Have you ever wondered what enables people to become highly skilled; whether it be at spelling, cricket, soccer, maths or the guitar?
Early theories attribute ‘expertise’ to the biological disposition underpinning one’s make up. Innate and fixed superior qualities (e.g. intelligence & hand-eye coordination etc.), were seen to be the biggest contributing factor of ‘expert’ performance.
However, nowadays there is common consensus amongst scientists that expert-level performance is a result of expert-level practice, rather than just being due to innate talent.
A common theory is that 10,000 hours of practice is required to achieve mastery status in a chosen endeavour. However, performance is more than just a function of time quantity – it’s also dependent on the quality of practice!
Contemporary neuropsychological research points to ‘deliberate practice’ as a derivative factor underpinning ‘expert’ or ‘mastery’ skill levels. The beauty of deliberate practice is that it is applicable to a wide range of disciplines. The same approach produces the very best dentists, doctors and teachers as it does with those in sporting or musical fields!
In essence, deliberate practice articulates how people should practice to ensure that they achieve maximum return from their invested time.
Below I describe five key components of deliberate practice that you can apply to any endeavour that you’re trying to improve at.
Five components of deliberate practice
Improve upon your weaknesses – Although focussing on strengths has its merits, it will only get you so far. My drum teacher used to say your practice sessions should sound like you’re a beginner, because ideally you should be trying to play what you can`t quite play yet. However, for much of the time I was using most of my practice sessions to try and sound like a rock-god! It wasn’t until I changed my approach that I started seeing better results. Using goals to increase challenges is a key way you can remain accountable.
Resist the urge to feel comfortable – Growth rarely happens when comfort is present. Thus, we need to be willing to venture out of our comfort zone. Mentally, we need to be happy with toiling away at something that we have not yet mastered. Furthermore, although we shouldn`t actively seek it, welcoming discomfort will also mean we’re less likely to “cut corners” when it occurs.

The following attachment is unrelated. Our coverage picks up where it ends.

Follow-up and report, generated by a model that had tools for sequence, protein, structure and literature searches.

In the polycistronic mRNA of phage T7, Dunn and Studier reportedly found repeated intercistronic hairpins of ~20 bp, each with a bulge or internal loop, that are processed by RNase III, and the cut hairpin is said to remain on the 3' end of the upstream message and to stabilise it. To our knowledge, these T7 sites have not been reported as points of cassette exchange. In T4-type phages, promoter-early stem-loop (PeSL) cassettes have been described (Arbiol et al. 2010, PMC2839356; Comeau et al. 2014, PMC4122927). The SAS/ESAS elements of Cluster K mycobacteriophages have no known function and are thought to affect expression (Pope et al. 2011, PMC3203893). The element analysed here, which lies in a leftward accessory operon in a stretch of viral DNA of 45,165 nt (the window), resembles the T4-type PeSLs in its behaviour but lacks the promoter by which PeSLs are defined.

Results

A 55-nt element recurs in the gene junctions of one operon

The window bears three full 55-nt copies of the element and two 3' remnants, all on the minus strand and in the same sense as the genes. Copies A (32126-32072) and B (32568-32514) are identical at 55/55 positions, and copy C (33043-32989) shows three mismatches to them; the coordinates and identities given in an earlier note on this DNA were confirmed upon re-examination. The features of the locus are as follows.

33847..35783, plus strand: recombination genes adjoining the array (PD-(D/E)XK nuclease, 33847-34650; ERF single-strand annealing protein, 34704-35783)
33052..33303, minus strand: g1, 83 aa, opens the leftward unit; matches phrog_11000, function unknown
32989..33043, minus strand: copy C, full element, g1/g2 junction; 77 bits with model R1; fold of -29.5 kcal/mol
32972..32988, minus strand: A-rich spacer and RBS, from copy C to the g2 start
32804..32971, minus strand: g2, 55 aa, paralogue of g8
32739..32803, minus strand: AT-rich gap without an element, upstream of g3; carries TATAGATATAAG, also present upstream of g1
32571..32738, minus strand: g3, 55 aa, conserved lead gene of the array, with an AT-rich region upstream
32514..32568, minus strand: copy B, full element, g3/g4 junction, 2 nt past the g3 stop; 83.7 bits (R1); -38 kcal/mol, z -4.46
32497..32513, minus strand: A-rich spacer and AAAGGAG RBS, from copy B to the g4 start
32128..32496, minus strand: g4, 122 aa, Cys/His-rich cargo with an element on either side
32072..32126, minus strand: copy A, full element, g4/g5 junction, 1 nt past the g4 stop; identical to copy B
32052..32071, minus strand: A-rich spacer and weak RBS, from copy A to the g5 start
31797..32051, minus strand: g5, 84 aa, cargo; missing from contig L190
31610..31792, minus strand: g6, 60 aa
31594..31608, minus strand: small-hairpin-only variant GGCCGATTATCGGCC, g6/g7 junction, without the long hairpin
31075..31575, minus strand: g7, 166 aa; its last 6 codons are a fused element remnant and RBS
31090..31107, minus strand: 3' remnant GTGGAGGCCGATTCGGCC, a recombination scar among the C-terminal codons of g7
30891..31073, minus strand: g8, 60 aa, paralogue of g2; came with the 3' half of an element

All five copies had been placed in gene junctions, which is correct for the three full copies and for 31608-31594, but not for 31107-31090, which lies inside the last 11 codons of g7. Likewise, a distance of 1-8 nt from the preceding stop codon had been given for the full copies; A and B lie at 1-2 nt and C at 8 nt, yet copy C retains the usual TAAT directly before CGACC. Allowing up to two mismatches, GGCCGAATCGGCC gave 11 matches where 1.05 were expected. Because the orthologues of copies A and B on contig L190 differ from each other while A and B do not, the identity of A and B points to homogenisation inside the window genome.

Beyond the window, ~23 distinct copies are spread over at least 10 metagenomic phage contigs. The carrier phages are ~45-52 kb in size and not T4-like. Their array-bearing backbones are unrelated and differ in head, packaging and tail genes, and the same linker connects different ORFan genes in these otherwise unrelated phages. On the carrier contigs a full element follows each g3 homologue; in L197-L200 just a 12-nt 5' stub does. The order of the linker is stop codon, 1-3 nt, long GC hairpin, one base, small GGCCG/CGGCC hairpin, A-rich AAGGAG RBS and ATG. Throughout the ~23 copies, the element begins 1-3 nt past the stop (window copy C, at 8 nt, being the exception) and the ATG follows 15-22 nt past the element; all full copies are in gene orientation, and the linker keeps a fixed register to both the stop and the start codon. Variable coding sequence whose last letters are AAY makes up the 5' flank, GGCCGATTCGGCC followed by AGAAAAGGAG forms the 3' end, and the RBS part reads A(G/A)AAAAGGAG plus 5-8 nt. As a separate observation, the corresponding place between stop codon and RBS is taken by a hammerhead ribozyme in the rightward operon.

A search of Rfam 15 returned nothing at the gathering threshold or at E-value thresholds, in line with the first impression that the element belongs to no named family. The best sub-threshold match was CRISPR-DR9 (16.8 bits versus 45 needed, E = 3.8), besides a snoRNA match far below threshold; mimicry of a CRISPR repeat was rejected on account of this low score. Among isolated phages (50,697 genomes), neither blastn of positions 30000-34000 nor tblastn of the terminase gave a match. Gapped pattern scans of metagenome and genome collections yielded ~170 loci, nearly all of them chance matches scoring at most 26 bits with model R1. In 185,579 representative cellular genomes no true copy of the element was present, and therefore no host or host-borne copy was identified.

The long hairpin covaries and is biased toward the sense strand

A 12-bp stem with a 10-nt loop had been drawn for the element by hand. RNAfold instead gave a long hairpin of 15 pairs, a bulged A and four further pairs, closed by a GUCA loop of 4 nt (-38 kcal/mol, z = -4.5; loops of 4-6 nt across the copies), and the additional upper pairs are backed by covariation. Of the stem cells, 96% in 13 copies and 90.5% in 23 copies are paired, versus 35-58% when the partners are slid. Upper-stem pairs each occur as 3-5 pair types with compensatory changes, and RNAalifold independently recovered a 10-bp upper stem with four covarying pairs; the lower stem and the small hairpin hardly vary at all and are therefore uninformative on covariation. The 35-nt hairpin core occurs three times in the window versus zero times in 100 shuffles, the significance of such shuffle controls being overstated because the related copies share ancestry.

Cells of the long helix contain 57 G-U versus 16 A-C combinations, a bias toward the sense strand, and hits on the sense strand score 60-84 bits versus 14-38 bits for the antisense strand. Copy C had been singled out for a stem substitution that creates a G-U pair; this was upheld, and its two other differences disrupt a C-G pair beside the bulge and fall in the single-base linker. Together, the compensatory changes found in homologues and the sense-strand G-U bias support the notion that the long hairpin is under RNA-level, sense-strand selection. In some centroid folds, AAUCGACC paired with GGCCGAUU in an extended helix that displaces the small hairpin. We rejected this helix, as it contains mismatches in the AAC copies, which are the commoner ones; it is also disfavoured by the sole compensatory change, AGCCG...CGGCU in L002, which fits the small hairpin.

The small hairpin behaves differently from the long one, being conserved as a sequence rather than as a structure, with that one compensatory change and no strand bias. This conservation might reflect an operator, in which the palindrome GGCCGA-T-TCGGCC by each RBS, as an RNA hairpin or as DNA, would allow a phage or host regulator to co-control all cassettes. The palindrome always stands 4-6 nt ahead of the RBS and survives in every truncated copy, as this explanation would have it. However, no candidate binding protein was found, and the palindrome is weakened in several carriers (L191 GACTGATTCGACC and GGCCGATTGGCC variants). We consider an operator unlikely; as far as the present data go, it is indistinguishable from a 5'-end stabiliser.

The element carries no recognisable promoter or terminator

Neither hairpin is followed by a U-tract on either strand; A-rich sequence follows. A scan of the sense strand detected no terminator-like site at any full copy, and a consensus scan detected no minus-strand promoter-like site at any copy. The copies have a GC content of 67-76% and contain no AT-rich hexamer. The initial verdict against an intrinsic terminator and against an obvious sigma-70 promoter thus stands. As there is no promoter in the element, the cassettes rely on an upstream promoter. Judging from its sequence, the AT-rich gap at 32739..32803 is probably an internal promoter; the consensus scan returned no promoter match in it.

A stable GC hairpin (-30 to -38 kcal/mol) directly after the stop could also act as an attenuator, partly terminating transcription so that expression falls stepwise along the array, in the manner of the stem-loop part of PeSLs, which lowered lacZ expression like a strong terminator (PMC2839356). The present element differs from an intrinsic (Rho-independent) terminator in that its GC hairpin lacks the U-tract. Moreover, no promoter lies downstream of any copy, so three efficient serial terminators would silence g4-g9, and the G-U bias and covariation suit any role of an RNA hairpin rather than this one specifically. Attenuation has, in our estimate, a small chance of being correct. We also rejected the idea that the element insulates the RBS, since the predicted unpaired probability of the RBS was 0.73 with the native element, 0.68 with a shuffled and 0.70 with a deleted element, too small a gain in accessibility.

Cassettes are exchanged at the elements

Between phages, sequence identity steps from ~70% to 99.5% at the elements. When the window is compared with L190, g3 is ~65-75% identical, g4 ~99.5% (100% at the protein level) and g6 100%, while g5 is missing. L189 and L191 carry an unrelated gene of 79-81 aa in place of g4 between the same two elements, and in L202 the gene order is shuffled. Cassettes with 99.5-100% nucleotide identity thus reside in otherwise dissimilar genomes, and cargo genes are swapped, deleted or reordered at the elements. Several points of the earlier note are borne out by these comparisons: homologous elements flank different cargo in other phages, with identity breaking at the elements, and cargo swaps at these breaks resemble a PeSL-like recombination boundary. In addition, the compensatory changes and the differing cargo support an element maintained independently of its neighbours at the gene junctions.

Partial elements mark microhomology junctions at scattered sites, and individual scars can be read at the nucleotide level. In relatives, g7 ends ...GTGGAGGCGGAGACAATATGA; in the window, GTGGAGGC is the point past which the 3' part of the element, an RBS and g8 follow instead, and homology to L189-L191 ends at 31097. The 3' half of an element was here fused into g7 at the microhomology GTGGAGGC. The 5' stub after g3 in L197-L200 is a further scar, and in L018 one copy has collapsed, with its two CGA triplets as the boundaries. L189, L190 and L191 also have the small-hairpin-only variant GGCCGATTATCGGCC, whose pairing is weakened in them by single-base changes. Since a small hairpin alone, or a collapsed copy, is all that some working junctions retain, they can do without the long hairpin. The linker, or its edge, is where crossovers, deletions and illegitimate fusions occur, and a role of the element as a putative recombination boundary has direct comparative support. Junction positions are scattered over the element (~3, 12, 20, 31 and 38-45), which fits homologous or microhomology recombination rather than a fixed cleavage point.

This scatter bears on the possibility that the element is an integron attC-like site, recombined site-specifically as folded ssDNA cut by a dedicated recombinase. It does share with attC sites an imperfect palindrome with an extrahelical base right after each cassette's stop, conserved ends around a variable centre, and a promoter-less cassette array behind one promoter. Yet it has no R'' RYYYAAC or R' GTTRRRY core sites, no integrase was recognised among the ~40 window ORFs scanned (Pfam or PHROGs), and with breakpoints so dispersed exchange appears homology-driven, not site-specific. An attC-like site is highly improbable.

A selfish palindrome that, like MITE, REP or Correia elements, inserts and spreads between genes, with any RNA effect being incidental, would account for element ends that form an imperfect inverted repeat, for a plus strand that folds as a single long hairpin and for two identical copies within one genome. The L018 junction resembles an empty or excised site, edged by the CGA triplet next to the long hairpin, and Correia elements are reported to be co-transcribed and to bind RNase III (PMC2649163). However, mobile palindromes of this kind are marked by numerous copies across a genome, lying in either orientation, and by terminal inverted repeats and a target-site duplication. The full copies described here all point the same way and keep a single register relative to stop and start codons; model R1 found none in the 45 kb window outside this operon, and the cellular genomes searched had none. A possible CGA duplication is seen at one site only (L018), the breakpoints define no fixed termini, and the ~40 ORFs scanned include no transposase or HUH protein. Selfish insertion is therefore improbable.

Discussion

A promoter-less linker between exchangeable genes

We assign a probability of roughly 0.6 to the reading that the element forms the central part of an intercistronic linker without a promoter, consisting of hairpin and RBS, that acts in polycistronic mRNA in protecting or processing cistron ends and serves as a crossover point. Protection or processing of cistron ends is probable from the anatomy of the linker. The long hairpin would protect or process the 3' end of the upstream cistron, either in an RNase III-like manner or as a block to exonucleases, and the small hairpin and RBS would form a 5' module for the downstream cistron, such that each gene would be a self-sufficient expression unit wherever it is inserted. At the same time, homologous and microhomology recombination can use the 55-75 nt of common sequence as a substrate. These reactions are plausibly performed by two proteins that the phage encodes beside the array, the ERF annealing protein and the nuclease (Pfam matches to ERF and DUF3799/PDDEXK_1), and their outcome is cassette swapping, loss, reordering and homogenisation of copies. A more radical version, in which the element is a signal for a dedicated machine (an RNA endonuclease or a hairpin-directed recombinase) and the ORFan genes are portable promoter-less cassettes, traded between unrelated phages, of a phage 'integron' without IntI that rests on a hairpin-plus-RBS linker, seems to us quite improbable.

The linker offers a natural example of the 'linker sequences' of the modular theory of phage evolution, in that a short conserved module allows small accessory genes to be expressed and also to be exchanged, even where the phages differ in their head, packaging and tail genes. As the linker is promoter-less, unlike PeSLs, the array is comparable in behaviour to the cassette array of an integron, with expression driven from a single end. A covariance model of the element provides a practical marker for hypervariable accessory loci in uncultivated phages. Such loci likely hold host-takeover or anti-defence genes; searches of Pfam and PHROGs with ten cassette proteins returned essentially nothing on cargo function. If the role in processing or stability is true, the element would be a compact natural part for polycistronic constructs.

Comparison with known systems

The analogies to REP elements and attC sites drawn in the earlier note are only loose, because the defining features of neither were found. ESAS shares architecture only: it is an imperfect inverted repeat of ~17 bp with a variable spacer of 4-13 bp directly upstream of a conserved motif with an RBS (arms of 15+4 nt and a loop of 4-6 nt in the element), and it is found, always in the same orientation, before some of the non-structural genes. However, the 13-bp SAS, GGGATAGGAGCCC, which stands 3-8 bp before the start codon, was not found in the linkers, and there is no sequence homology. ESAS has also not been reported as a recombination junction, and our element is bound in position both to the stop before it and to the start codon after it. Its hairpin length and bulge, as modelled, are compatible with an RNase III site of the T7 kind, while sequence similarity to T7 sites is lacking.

Focus on little things – When we try to execute a skill or solve a problem we’ve never encountered before, a good strategy is to break it down into easily discernible and digestible parts. To do this, we need to understand the most important basics, and ensure we repeat and drill them in. In the long-run, progress will be more efficient – as well as expedient – given it’s much easier to master each part step by step, rather than in its entirety.
Spend time practising alone – Although there’s great benefit to be gained from involving others in your development, ultimately it is you that has to do the hard work. Others can push you and inspire you, but ultimately you need to spend the solitary time to concentrate, engrain and repeat! Devising a ‘non-negotiable’ practice schedule where you set clear ‘stretch goals’ is a good and honest way of keeping yourself accountable.
Seek regular feedback – Feedback is vital to ensure that you are on the right track. Ideally, you should be regularly checking that you’ve mastered each component before advancing. Otherwise, you may risk engraining the ‘wrong habits’. This will not only take you further away from your goals, but require a lot of time and effort to fix (it’s much harder correcting bad habits than forming new desirable ones). Using self-monitored feedback, as well as feedback from an accomplished expert, are ways you can check that you’re heading in the right direction.
So there it is… 5 tips that you can use to drastically improve your progress!
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